Netflix

This Netflix box, found in a secure room at Gardonville Cooperative Telephone Association in Brandon, contains all Netflix movies. When the box arrived, it included this hand-written quote from a Netflix employee. It's a quote from an "Ironman" movie. (Karen Tolkkinen / Echo Press)

BRANDON, Minn. — Amid the wires and cases in a Brandon telecom center is a box with a familiar logo: Google.

Below that is a red box from Netflix.

These two boxes are signs of how closely big tech giants are snuggling up to internet users around the country, including right here in Douglas County.

“Every movie offered by Netflix is in this building,” said Dave Wolf, CEO of Gardonville Cooperative Telephone Association. “Someday, this box is going to be in a museum in Alexandria, it’s so cool. It’s like having I-94 come through Alex. It changed everything, good and bad.”

With video increasingly gobbling up available bandwidth, big tech started “peering” — connecting with local internet providers in order to provide faster, more dependable service. If a Gardonville customer in Alexandria wants to stream a Netflix movie, it doesn’t come from the Los Gatos, Calif.-based Netflix headquarters. It comes from that little red box about 15 miles northwest of Alexandria in Brandon. It's one of more than 4,600 servers Netflix has around the world.

The latest tech giant wanting to cuddle? Apple, which the Financial Times of London reported is spending $6 billion to create new content.

About a month ago, Gardonville and its neighboring rural telecoms, including Runestone Telecom Association, connected directly to Apple through the pipeline they all share that runs to the 511 Building in the Twin Cities.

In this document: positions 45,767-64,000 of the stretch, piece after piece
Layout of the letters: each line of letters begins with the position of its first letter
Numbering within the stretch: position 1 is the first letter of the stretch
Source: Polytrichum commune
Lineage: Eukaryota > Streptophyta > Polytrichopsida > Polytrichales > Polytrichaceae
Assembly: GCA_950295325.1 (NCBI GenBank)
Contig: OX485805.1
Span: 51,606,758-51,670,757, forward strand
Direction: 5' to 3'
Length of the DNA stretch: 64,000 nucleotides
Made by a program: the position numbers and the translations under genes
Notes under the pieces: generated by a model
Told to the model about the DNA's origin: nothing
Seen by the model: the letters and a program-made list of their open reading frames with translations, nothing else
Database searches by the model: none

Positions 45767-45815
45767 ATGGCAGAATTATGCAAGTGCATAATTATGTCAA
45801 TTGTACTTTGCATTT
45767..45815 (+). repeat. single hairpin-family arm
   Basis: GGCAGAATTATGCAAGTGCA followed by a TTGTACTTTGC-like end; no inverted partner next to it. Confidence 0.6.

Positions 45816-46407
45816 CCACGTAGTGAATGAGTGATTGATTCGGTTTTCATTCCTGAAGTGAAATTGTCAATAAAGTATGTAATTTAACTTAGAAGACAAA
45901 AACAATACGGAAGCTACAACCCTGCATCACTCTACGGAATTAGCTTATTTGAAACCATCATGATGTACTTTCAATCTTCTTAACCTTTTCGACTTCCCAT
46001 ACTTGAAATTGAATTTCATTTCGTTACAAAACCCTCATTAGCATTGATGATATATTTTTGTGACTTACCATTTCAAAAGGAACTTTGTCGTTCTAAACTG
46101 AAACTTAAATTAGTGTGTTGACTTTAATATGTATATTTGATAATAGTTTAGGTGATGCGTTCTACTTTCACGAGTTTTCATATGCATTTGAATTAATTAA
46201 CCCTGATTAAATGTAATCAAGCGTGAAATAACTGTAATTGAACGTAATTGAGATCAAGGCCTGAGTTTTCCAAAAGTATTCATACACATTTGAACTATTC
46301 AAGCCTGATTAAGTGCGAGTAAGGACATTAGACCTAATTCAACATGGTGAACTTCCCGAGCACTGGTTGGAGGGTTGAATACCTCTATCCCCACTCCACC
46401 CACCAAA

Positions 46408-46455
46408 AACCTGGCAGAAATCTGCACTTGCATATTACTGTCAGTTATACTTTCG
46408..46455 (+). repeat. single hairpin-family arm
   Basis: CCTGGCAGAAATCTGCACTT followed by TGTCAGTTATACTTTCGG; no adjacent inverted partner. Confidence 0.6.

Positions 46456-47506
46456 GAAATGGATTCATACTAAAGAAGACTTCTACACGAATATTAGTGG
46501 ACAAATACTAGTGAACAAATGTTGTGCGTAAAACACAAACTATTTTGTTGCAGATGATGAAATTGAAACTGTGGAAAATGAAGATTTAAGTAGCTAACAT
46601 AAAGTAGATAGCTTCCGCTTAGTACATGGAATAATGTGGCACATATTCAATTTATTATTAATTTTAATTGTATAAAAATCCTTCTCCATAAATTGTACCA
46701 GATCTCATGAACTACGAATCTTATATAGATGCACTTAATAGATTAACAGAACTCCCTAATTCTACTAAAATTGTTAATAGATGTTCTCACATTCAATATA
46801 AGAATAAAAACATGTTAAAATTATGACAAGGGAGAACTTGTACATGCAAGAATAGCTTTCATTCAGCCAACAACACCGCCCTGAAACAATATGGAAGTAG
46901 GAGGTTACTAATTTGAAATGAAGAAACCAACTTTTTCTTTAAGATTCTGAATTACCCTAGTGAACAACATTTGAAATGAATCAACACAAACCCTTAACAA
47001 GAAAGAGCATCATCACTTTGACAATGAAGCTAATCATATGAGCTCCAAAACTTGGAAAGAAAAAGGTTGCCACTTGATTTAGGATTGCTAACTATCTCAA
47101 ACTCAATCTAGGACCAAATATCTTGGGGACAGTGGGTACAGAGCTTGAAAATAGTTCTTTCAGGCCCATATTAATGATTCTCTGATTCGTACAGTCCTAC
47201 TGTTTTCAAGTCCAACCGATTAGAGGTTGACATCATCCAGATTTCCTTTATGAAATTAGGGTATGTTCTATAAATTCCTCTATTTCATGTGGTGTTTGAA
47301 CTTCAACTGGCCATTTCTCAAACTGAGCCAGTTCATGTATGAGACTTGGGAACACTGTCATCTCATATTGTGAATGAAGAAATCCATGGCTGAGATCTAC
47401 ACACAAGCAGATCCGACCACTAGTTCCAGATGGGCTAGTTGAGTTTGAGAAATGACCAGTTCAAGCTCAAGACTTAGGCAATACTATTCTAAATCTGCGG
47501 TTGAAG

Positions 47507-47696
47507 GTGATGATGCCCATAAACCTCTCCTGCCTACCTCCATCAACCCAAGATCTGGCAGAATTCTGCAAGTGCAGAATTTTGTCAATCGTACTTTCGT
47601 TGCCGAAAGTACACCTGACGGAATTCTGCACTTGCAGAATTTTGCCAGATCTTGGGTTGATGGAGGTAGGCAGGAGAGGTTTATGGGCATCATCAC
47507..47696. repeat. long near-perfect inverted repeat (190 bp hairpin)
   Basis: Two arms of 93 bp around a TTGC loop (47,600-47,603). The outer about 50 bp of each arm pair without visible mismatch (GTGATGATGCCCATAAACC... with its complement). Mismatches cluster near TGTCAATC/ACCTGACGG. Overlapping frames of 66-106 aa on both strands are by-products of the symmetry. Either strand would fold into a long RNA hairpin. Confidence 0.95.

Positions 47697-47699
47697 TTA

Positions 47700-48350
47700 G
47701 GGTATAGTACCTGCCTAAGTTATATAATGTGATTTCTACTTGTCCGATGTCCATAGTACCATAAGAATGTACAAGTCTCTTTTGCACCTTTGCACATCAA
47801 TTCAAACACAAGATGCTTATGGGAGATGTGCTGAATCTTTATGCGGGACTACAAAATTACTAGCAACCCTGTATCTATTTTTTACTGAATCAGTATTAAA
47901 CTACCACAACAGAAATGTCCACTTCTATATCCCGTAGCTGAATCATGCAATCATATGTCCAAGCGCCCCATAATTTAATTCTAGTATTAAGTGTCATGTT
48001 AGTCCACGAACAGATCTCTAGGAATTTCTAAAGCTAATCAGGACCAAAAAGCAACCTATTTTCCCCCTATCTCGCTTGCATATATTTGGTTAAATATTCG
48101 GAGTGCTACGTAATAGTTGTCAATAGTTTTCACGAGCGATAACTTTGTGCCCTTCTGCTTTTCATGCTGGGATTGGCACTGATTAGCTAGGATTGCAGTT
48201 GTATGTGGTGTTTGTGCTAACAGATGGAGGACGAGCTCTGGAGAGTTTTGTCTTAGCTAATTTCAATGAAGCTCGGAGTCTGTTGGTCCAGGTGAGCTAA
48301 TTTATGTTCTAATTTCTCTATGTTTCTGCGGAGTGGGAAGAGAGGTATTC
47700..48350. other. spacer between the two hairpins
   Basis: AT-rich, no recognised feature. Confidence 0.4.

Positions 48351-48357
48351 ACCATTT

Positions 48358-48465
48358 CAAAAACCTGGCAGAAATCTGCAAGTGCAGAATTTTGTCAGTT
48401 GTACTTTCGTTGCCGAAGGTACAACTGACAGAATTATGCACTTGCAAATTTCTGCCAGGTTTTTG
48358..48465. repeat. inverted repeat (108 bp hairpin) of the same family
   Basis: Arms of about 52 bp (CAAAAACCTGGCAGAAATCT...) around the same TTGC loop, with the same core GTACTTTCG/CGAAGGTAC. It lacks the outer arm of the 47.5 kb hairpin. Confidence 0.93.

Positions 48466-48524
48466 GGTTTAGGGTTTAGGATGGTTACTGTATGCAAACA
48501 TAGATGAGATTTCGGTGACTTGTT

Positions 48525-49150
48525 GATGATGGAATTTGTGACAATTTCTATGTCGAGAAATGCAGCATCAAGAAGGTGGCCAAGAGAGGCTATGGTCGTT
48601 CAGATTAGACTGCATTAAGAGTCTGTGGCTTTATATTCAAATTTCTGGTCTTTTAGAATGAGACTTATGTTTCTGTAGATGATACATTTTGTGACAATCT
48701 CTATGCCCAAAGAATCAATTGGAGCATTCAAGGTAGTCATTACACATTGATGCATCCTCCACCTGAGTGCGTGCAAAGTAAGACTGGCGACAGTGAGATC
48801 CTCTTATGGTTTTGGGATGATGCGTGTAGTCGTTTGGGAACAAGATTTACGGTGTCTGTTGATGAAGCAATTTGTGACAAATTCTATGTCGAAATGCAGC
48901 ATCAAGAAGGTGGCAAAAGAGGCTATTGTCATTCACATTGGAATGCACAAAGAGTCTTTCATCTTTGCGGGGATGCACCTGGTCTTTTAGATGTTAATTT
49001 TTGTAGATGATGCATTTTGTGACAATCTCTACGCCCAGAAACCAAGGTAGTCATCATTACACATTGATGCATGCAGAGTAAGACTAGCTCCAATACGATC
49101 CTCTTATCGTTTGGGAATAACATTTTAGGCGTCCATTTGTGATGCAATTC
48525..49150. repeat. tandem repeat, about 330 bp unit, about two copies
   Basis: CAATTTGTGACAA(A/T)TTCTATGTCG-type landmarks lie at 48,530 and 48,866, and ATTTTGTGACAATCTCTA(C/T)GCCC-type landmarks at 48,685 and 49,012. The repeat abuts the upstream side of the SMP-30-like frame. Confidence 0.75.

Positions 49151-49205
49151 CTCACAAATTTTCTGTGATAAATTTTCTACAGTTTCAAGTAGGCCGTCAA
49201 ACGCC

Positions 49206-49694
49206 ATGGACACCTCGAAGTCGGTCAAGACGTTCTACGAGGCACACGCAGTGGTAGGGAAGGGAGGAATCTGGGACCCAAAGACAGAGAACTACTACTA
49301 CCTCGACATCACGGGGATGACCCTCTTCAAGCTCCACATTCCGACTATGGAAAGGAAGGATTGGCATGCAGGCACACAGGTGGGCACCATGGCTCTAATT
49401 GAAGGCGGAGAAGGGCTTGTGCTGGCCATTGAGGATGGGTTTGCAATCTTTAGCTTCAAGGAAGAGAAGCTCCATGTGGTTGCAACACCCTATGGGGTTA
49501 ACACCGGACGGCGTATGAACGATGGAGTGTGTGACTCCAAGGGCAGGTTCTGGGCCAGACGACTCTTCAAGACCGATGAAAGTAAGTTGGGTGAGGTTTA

“We’ve been after this for a year and a half now,” Wolf said. “It’s pretty exciting for us.”

Wolf talks about the difference in terms of “hops.” Before now, it took rural telco customers up to 30 hops to get to Apple content. Now, it’s only one. Faster, better service is vital in tech providers’ hyper-competitive struggle for customers.

“It’s a new world we live in and things are constantly evolving,” said Steve Richards, who leads the IT department at Alexandria Technical and Community College, and often sends the school’s graduates to work at Gardonville. “What happens when they peer with them directly, that information doesn’t even need to traverse the core internet. The internet could be down and you could still function on the Gardonville network.”

Richards and Wolf say they don’t know what Apple plans to do by peering with internet service providers.

“I would suspect they’re getting ready for something,” Richards said.

Customers are increasingly changing the way they get content, whether for entertainment, education or business. Instead of having to watch a program on a television or cable TV network’s schedule, they are increasingly able to stream content over the internet, which means watching programs when and where they want.

The more programming available online, the more congested internet traffic becomes, Richards said. That’s where peering helps.

As far as the downside Wolf mentioned?

His concerns center around competition and privacy.

Only the content creators that command huge sums of money are able to peer so closely with its viewers. That means that for every Apple or Netflix able to get lightning-fast connections to its users, there are providers whose content falls into obscurity because it’s too many hops away from viewers.

When it comes to privacy, Wolf suggests that users cloak themselves while online and use caution when installing free apps.

“If Apple becomes more infused into your life, is that a good thing?” he asked. “If you’re getting something for free, you’re paying for it in nonmonetary ways. You’re paying in time or money.”

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